They created this stunning publication in response to the exhibition, which truly embodies the love of media, method, craft and style that is synonymous with Typeforce. This is seen through the custom die-cut binding, hand wrapped and sealed cover, as well as the beautifully embossed foil blocking. Often within design practice, the restraints of a medium can go unquestioned – the formats become default. This publication very quickly acted as a provocation for us to reconsider how we could find further autonomy as designers by subverting or reimagining the mediums we use. Something which we find ourselves constantly coming back to.
The Campaign for Nuclear Disarmament and Pluto Press: No Nuclear Weapons
Rescued from a box of to-be-discarded books during a visit to Jake Tilson’s studio, these beautifully constructed remnants of politically active design history quickly became prized possession on top of the studio bookshelf.
Published by the Campaign for Nuclear Disarmament and Pluto Press in 1981, No Nuclear Weapons acts as an important reminder of the powerful yet peaceful political movement, in which over 250,000 people in London marched for unilateral disarmament and peace. The imagery throughout the book is masterfully illustrated by the provocative and iconic photomontages of Peter Kennard. And it skillfully weaves memorable scenes of British scenery with the inevitable destruction that follows the use of nuclear weapons. These visions are harrowing and all too close to home, despite the fact its now 38 years old.
Practical Engineering is kind of like the Github of its time, except a lot prettier! This 20p find became the start of an obscure collection of engineering publications that date back to the 1930’s. All of which are complete with an agony-aunt-like section where local engineers seek advice to fix their relationships with mechanical counterparts.
The publication encapsulates the movement from a DIY to DIWO (Do It With Others) culture, along with a love for bespoke typography and a passion for the handcrafting of mechanic tools that is marked throughout every edition of Practical Engineering. It resonates with the more generalist nature of the studio and in short, this obscure collection of publications reinforces our belief that visual communication isn’t defined by the mediums used but by the intentions of the work.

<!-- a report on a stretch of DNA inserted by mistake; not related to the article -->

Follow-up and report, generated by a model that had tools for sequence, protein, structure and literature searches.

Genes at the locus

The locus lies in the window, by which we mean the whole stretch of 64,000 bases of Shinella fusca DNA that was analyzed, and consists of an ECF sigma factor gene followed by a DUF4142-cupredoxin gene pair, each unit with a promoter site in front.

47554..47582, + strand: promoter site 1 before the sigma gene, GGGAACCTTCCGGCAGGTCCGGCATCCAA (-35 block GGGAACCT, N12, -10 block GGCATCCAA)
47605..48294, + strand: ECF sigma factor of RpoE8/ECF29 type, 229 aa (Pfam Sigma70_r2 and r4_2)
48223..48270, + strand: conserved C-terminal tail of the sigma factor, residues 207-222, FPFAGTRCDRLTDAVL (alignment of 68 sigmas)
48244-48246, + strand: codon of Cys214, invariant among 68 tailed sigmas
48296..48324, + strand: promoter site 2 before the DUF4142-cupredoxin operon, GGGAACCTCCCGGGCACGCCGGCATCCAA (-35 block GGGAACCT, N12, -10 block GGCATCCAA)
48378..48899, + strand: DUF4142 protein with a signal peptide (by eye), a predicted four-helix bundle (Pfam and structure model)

Open Editions: Distributed
Distributed by Open Editions is another gift, this time from former-tutor and friend David Blamey. This book has quickly become a hot topic of discussion around the studio, informing frequent projects and debates around the future of money and the subversion of systemic austerity.
As designers we often overlook the distribution of our work, which can be a shame because it’s an integral part of it. What happens when we reposition our work to be the act of distribution in itself? Placing the encounter of the piece, and the piece itself, at equal importance.
By reframing modes of distribution as potential mediums for artists and designers to subvert, hijack or reuse within the creative process, Distributed is a book that is definitely worth the read. From texts such as Rathna Ramanathan’s Vishnu To Vegas, which provides an insightful reflection on the distribution in non-western cultures and society, Distributed highlights the subject of dissemination as something for “serious creative consideration and one of great social and economic importance.”